4,5 Filed Papers: Claim, Answer
After carefully considering the papers submitted and the applicable law the
motion is disposed of as follows:
Antonio Sacco, the Claimant herein, alleges in Claim number 109009 that
defendant's agents negligently lost his property while he was incarcerated at
Sing Sing Correctional Facility (hereafter Sing Sing). Claimant alleges that
after an altercation with 2 other inmates on May 14, 2003 he was moved to the
Sing Sing infirmary, and his personal property was taken into custody by
In the present motion, Claimant asks that answers to certain
posed to Defendant be
provided, and that Defendant provide documents requested. He indicates that
Defendant has not responded to all of the interrogatories, nor has Defendant
provided all the documents he requested. Specifically, he indicates that
Defendant did not answer interrogatories numbered 6-a, 6-b, and did not provide
copies of documents requested in interrogatories 9 and 10.
In the Affirmation in Opposition to the present motion, the Assistant Attorney
General has responded with the names of the correction officers requested in 6-a
and 6-b; continues to object to interrogatory 9 wherein Claimant requests
"copies of any and all documents generated as a result of the altercation on May
14, 2003 at the Sing-Sing Correctional Facility between claimant and R. Yulfo, .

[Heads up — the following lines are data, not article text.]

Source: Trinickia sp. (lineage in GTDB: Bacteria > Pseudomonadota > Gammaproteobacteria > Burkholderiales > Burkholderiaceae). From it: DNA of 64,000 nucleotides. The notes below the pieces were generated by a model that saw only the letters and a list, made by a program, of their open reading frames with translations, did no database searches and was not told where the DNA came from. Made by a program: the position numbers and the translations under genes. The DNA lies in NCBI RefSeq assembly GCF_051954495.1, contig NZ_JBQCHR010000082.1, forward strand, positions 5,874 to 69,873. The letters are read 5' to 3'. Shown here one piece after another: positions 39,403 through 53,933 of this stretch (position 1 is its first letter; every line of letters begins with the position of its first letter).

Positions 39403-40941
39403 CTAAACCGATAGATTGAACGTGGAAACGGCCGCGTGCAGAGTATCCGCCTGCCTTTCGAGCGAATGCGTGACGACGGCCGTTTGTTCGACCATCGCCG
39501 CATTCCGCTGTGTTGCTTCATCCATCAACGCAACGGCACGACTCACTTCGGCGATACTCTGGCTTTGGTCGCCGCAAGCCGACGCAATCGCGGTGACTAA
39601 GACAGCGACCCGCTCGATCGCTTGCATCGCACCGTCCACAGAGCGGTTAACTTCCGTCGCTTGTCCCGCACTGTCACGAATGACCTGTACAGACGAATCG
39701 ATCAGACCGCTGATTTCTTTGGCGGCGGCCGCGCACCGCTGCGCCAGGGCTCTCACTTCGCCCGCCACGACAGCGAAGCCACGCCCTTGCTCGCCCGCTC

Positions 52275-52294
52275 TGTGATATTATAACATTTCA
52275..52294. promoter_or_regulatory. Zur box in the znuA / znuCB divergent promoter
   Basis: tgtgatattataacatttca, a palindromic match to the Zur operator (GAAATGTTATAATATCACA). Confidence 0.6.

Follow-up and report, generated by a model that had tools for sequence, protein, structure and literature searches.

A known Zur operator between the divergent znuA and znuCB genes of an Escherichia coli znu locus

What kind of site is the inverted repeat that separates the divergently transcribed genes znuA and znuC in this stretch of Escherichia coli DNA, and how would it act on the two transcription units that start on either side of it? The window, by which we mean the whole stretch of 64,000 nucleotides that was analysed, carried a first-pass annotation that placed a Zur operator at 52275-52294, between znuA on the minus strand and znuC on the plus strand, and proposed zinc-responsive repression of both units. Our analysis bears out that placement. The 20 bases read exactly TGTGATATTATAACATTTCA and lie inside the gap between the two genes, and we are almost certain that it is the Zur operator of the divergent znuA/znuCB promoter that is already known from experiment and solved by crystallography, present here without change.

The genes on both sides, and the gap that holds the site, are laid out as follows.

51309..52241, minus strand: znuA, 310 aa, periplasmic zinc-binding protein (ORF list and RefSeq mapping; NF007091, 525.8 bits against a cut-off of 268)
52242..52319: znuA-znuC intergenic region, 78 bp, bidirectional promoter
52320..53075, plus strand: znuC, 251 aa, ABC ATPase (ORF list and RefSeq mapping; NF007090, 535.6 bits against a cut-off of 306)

. . and G. Diaz . . . ;" [See Affirmation in Opposition, Exhibit A] and,
although objecting to the request in interrogatory 10 for copies of "any and all
documents generated as a result of the investigation that took place at the Sing
Sing Correctional Facility regarding Woodbourne Correctional Facility Claim No.
140-0027-03," [See id] nonetheless provides copies of said documents as
Exhibits F and G to her Affirmation, and had provided same in the Response to
Claimant's Interrogatories forwarded to him on June 22, 2004.
Pursuant to general disclosure principles, a party is entitled to "full
disclosure of all matter material and necessary in the prosecution or defense of
an action, regardless of the burden of proof . . . " Civil Practice Law and
Rules §3101(a). Interrogatories are one disclosure device available to a
litigant, and are frequently used in lieu of depositions when an incarcerated
individual is a party. See generally
Civil Practice Law and Rules
§§3130, 3131. The statute requires that after service of the
Interrogatories, the party served is required to answer within twenty (20) days.
Civil Practice Law and Rules §3133. Any objections to questions are to be
made with "reasonable particularity"
responding party is not required to respond to
". . . interrogatories . . . [that] are unduly broad and oppressive . . . demand
extensive amounts of irrelevant information, [and] call for opinions and
interpretations . . . " Vancek v International Dynetics Corporation, 78
AD2d 842 (1st Dept 1980); see also Kamerman v Kolt, 187 AD2d 564
(2d Dept 1992). The responding party is also not required to anticipate what
information the interrogatories are seeking, but rather may respond only to the
actual question posed. See Meraner v Albany Medical Center, 211
AD2d 867,868 (3d Dept 1995), lv dismissed, 85 NY2d 968 (1995).
With respect to interrogatory 9, the Court agrees that these are irrelevant to
the bailment claim presented herein by Claimant. Accordingly, Defendant's
objection to same is sustained and Defendant need not produce the documents
requested. With respect to the balance of the application, given Defendant's
responses and production of documents, Claimant's motion is moot.
Claimant's motion number M-68846 is in all respects denied.